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‘How to Make an American Quilt’

By Eve Zibart
Washington Post Staff Writer
October 06, 1995

 


Director:
Jocelyn Moorhouse
Cast:
Winona Ryder;
Maya Angelou;
Anne Bancroft;
Ellen Burstyn;
Kate Capshaw;
Claire Danes;
Dermot Mulroney;
Kate Nelligan;
Jean Simmons;
Alfre Woodard;
Rip Torn;
Lois Smith;
Johnathon Schaech
PG-13
some nudity, but artistically framed; moderate profanity and portrayals of marijuana use


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THERE IS A certain luxuriantly guilty pleasure to be had from a really extravagant junk food binge—demolishing a handful of Godiva truffles instead of M&Ms, for example—and there are certain movies that have a classy facade but whose plot and script are, at heart, embarrassingly hackneyed.

These films must either have some serendipitous saving grace, like the black humor that saved "Harold and Maude" from its own reverse May-December cliche; or the cast must display an almost shameless melodramatic abandon, its own extravagant indulgence. And that's pretty much what rescues "How to Make an American Quilt"—theatrical indulgence by a cast of stahs.

Not since "The Women" has a movie boasted an all-star list this weighty. Anne Bancroft, Kate Nelligan, Jean Simmons, Lois Smith, Ellen Burstyn, Maya Angelou, Esther Rolle, Kate Capshaw, Winona Ryder, Alfre Woodard—you could combine "Steel Magnolias" and "Fried Green Tomatoes" and you still wouldn't have enough knowing looks, worldly wisdom, hard knocks, ringing declarations of independence and ultimate regret for this film. But if you love those actresses, you'll probably love the film.

Based on a graduate thesis-turned-novel by Whitney Otto, the framing story involves a young woman with a "'60s hippie-kinda" neutral name, Finn (Ryder), who's working on her third potential graduate thesis, studying (notice, please) women's tribal social activities. She's also getting cold feet about marrying Sam (the blessedly restrained Dermot Mulroney), so she retreats to the home of her grandmother (Burstyn) and great-aunt (Bancroft) to create and contemplate. There the circle of quilters, led by Anna (Angelou), begins to make Finn and Sam a wedding quilt with panels that reflect their own love experiences. Naturally, they flash back. And naturally, they hit all the cultural touchstones.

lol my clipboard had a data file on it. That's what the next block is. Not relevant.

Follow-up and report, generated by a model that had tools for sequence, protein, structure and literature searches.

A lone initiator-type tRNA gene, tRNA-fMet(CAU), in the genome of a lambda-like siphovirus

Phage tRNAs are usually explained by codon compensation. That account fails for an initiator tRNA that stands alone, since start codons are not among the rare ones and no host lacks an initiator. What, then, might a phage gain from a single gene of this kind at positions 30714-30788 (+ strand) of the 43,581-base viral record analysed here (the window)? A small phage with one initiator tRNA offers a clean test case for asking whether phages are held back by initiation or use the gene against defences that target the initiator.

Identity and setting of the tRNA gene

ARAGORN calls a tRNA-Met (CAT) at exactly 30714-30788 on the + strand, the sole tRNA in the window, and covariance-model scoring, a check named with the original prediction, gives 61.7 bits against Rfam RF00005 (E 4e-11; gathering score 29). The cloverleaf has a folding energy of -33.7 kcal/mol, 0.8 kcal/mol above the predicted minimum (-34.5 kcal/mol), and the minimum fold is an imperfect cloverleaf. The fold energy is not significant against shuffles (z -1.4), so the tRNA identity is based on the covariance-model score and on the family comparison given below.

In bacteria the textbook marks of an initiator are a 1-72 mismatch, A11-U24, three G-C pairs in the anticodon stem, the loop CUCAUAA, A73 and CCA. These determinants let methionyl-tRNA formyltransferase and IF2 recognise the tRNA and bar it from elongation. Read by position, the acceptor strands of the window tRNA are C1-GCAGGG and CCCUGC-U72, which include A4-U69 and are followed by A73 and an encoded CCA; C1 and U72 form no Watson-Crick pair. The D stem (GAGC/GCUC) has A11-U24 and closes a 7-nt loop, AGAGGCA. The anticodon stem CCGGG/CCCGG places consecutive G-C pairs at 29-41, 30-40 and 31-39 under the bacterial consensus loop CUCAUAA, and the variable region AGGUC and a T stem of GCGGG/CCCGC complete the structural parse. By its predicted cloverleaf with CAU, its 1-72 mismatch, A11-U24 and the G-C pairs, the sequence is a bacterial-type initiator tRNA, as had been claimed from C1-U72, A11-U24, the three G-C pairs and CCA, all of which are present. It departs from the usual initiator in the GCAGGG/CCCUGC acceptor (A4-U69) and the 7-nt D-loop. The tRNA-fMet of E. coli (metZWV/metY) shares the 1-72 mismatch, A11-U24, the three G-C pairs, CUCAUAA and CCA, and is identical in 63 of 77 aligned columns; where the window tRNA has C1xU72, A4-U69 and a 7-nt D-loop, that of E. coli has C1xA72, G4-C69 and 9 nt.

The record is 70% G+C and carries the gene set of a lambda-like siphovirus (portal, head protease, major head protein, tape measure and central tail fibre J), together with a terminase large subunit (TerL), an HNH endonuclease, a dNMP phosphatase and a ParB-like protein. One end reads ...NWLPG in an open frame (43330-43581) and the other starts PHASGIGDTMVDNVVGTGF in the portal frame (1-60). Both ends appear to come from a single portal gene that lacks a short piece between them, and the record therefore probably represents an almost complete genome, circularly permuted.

The child Anna is made pregnant by a white guest of her employer; she has the child in Finn's grandmother's home. Burstyn has a quickie with her brother-in-law while her beloved husband lies dying. Bancroft banishes her husband and builds a plaster monument to their infidelity that still stands. Simmons's husband, an artist, seduces everything in sight, including Nelligan. Finn has her own brief affair. And so on.

Every one of these older women has either betrayed or been betrayed; so that logically, the "lessons" Finn learns should persuade her not to marry Sam. But the "truth" of this film is true love, so the only thread she really picks up on is a magical one—a crow who led the first quilter, Anna's grandmother, to her true love. Naturally the crow turns totem for Finn, too. And even more conveniently, her own feckless '60s hippie-kinda parents, who have been divorced almost since her birth, decide to remarry. It takes a sudden, violent storm to blow everything satisfyingly right.

Fortunately, not all of the acting is over the top, although Bancroft's is, well, right on the ceiling. Nelligan is tightly reined in and scathingly frank as a recent widow. Samantha Mathis is both bitter and eloquent as Lois Smith's younger self, a woman whose almost mystical grace in the water is snuffed out by marriage and motherhood. Capshaw is brashly human as Finn's mother, and Joanna Going, who portrays the Jean Simmons character as a young woman, is luminously beautiful.

But the usually delightful Ryder, whose "scribbling" scenes verge on a parody of "Little Women," seems for once to be acting, and not entirely comfortably. Maybe it was the brilliance of all those stars.

HOW TO MAKE AN AMERICAN QUILT (PG-13) — Contains some nudity, but artistically framed; moderate profanity and portrayals of marijuana use.

   
© Copyright 1999 The Washington Post Company

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